Thailand leads the world with its number of female CEOs, according to Grant Thornton's International Business Report (IBR).
The new research is being announced globally today on International Women's Day.
In Thailand, 49% of CEOs are women, which is the highest proportion in the world, the research showed.
Globally, 24% of senior management roles are now filled by women, which is up from 21% last year and 20% in 2011.
China is the only country where women occupy more than half (51%) of senior management roles, while Japan remains at the bottom with 7%.
The pioneer economies where economic growth is high have greater diversity in their senior management teams. The Asean and Asia-Pacific regions are ahead of the global average with 32% and 29% female proportions, respectively, but Thailand is even higher at 36%.
The IBR also reveals the proportion of women in senior positions is markedly different across sectors. More than double the number of positions in the global healthcare sector are occupied by women (45%) than in construction or mining (19%).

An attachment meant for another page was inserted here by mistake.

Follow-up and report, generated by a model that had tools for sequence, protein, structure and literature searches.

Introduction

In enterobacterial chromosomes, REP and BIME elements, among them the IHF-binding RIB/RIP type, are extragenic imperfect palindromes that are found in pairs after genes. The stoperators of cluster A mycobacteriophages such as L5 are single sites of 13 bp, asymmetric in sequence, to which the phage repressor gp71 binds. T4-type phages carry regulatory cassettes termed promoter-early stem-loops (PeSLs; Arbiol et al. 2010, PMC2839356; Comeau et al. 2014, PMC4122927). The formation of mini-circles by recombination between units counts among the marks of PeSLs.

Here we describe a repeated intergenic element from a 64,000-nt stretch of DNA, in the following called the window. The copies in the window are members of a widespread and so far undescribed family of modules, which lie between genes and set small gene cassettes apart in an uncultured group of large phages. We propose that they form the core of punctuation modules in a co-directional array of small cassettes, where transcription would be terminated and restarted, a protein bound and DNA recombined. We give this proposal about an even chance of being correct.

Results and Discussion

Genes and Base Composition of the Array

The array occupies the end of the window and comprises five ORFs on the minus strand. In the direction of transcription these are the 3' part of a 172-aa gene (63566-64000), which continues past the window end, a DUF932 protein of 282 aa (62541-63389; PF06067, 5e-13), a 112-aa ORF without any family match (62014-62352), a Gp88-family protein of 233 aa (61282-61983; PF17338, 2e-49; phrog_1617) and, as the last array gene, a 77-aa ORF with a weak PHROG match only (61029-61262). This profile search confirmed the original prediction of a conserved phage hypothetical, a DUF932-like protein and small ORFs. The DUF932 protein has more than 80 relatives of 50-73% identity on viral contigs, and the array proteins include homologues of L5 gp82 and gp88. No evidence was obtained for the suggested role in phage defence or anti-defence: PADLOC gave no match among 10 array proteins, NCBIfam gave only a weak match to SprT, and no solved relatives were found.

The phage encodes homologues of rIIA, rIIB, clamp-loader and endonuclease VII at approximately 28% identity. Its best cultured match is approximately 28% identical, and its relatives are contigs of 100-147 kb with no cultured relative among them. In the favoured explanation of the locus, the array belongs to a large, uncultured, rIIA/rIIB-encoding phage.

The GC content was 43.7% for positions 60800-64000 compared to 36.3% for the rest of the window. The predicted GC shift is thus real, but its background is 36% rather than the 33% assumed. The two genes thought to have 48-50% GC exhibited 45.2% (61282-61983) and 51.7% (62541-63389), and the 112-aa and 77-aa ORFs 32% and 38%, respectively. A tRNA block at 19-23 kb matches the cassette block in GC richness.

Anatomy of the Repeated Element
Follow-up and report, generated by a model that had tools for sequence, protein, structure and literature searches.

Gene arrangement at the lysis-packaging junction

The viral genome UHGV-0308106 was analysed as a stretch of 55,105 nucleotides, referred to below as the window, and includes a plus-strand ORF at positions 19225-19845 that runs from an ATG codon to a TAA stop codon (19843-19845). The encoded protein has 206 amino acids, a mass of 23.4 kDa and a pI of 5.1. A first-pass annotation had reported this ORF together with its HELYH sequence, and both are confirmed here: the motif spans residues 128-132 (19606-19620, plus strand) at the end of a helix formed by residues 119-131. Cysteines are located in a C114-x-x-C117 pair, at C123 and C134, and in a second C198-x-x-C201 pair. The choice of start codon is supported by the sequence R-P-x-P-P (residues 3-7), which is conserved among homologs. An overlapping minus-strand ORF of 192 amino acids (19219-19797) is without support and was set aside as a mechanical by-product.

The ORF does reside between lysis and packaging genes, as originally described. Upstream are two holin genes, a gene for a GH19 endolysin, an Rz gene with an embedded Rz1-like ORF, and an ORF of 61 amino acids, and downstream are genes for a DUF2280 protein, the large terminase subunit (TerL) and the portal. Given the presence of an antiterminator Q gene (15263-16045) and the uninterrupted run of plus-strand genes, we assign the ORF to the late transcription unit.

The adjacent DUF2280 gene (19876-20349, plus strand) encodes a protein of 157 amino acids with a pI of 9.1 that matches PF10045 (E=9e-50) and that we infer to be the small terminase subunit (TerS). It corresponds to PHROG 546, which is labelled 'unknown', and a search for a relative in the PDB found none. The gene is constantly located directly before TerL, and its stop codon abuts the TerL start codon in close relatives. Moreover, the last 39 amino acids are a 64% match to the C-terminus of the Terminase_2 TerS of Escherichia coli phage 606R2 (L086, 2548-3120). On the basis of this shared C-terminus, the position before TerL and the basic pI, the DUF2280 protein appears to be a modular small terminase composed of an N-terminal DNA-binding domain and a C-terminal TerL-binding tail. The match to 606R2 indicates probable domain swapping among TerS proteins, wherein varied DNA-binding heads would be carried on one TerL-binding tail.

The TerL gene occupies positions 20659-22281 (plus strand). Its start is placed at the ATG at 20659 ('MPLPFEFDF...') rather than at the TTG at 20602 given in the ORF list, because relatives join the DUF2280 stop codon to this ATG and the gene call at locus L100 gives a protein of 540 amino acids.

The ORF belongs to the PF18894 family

The most popular position for women is chief financial officer, while chief information officer is the least.
Progress is slower in the Group of Seven (G7) group of developed economies, where economic performance has lagged behind the high-growth economies of Asia and the Far East.
The G7 economies come bottom of the league table, with just 21% of senior roles occupied by women. This compares with 28% in the BRIC (Brazil, Russia, India and China) economies, 32% in Southeast Asia and 40% in the Baltic states.
Britain (19%) and the US (20%) are in the bottom eight countries for women in senior management roles.
These economies are also experiencing low levels of growth, with gross domestic product (GDP) in Japan at 1.9%, Britain -0.1% and the US 2.2% last year.
In contrast, top performer China's GDP growth was 7-8%. The top 10 also features the fast-growing economies of Latvia, Vietnam, Thailand and the Philippines.
The situation is even starker when looking at boardroom positions. In the G7, just 16% of board members are women compared with 26% in the BRIC economies and 38% in the Baltic states.
The research found women are playing a major role in driving the world's growth economies, bringing balance to the decision-making process and the smooth running of their companies.